[arin-announce] ARIN Board Statement on the Future of Addressing Policy

Member Services info at arin.net
Wed Aug 1 17:31:03 EDT 2007

The American Registry for Internet Numbers Board of Trustees released a 
statement today that assures ARIN will continue to facilitate the policy 
development process that defines how Internet Protocol (IP) addresses 
are distributed in its region, and also reaffirms that ARIN's policies 
do not encourage profit-driven speculation in IP addresses.

The complete statement is included below and is also online at 

On 1 August 2007, the ARIN Board of Trustees issued the following 

Statement of ARIN's Board of Trustees regarding future Internet address 
policy in the ARIN region

The global Internet requires numeric addresses for the routing of 
communications traffic.  These addresses are necessarily finite in 
nature and have been defined in two groups.  One group, called "Internet 
Protocol version 4," or IPv4, was defined in 1979 as a pool of 
approximately 4,300,000,000 addresses.(1)(2)  In anticipation of the 
Internet growing larger than can be accommodated by the IPv4 pool, a 
second group, called "Internet Protocol version 6," or IPv6, was defined 
in 1995 as a pool of approximately 
340,000,000,000,000,000,000,000,000,000,000,000,000 addresses, an 
address space billions upon billions of times larger.(3)

In accordance with Internet governance principles, IP addresses of both 
versions are allocated to users by the Regional Internet Registries.(4)  
Because IP addresses are a finite resource, the allocation process is 
defined and overseen democratically and transparently by the public. The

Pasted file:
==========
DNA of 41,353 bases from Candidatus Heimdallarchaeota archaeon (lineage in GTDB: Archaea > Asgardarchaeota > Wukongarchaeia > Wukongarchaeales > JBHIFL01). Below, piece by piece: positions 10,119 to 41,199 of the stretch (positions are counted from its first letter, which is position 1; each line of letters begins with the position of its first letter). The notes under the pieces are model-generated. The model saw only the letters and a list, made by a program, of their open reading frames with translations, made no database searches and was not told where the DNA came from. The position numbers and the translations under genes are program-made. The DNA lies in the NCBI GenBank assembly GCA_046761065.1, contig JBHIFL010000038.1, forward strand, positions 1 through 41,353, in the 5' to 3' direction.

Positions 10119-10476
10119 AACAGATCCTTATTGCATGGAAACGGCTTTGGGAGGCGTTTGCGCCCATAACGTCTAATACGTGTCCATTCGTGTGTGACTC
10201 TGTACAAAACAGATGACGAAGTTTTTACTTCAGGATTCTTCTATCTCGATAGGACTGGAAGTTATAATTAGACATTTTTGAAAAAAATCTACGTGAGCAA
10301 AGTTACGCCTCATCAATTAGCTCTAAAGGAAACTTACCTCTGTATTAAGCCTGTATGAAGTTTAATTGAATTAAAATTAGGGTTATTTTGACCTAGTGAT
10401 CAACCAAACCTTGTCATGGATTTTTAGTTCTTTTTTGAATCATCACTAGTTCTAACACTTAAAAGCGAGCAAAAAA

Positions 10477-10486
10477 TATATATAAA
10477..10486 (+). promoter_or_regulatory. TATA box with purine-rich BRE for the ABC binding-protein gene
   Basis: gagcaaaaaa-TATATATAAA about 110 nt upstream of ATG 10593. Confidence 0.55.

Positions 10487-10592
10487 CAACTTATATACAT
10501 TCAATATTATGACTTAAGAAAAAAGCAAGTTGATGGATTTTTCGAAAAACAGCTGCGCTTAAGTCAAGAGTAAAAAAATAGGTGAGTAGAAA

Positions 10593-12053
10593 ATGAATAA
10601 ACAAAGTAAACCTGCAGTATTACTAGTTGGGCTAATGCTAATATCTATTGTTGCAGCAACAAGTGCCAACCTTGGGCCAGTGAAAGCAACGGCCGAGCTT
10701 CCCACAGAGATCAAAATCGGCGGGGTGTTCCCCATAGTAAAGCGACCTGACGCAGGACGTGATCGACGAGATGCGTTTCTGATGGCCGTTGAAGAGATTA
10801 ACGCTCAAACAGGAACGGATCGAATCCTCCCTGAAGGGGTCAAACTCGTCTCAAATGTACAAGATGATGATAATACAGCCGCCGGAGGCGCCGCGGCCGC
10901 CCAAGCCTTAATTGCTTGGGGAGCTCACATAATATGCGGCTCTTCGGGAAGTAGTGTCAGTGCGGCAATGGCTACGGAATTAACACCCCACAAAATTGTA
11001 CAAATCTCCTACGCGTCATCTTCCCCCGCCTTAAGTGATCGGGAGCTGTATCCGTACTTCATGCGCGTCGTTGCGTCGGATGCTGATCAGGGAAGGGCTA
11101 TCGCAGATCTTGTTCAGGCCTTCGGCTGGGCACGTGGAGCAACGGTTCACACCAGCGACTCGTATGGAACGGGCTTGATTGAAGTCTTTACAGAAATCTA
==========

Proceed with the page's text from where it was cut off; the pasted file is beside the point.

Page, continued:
allocation process seeks to balance two goals: universal access to the 
Internet, and the stability of the Internet's essential communications 

Because the growth of the Internet is leading to full use of the IPv4 
address pool, soon the Regional Internet Registries will no longer have 
new, previously unassigned IPv4 addresses to allocate to users.(6)  
Forward-thinking users have already begun the transition to the much 
more plentiful IPv6 addresses in anticipation of this situation.  There 
are, however, those who propose that the democratically established 
governance principles now be abandoned, to create a market in IP 
addresses.  A market that abandons these existing, consensus-driven core 
values would encourage speculators to take advantage of the upcoming 
time of relative scarcity of IPv4 addresses to profit from less 
foresightful users' remaining need.

The purpose of this memorandum is to assure the community that the 
democratic principles of Internet governance will be adhered to by ARIN, 
the Regional Internet Registry serving Canada, many Caribbean and North 
Atlantic islands, and the United States.(7) The resource-allocation 
policy under which ARIN operates has been produced through an open, 
transparent, and democratic process over more than a decade.  ARIN is 
fully dedicated to preserving universal access and stable functionality 
of the Internet, and our policies do not encourage profit-driven 
speculation in the Internet addresses.

The current resource management mechanism is fully sufficient to address 
the upcoming shortage of IPv4 addresses, and a continuation of sober and 
responsible enforcement will ensure continued maximum benefit to and 
protection of the entire Internet community.


(1) Internet Engineering Note 111, Internet Protocol, August 1979, by 
the University of Southern California Information Sciences Institute.  

(2) Internet Engineering Task Force Request for Comment number 760, DOD 
Standard Internet Protocol, January 1980, by the University of Southern 
California Information Sciences Institute.  

(3) Internet Engineering Task Force Request for Comment number 1883, 
Internet Protocol Version 6 (IPv6) Specification, December 1995, by 
Steve Deering and Robert Hinden.  http://www.ietf.org/rfc/rfc1883.txt

(4) Internet Engineering Task Force Request for Comment number 2050, 
Internet Registry IP Allocation Guidelines, November 1996, by Kim 
Hubbard, Mark Kosters, David Conrad, Daniel Karrenberg, and Jon Postel.  

(5) Internet Engineering Task Force Request for Comment number 2008, 
Implications of Various Address Allocation Policies for Internet 
Routing, October 1996, by Yakov Rekhter and Tony Li.  

(6) IPv4 Address Report, updated daily, by Geoff Huston.  

(7) The countries and territories of ARIN's service region are named at 


Raymond A. Plzak
President and CEO
American Registry for Internet Numbers (ARIN)

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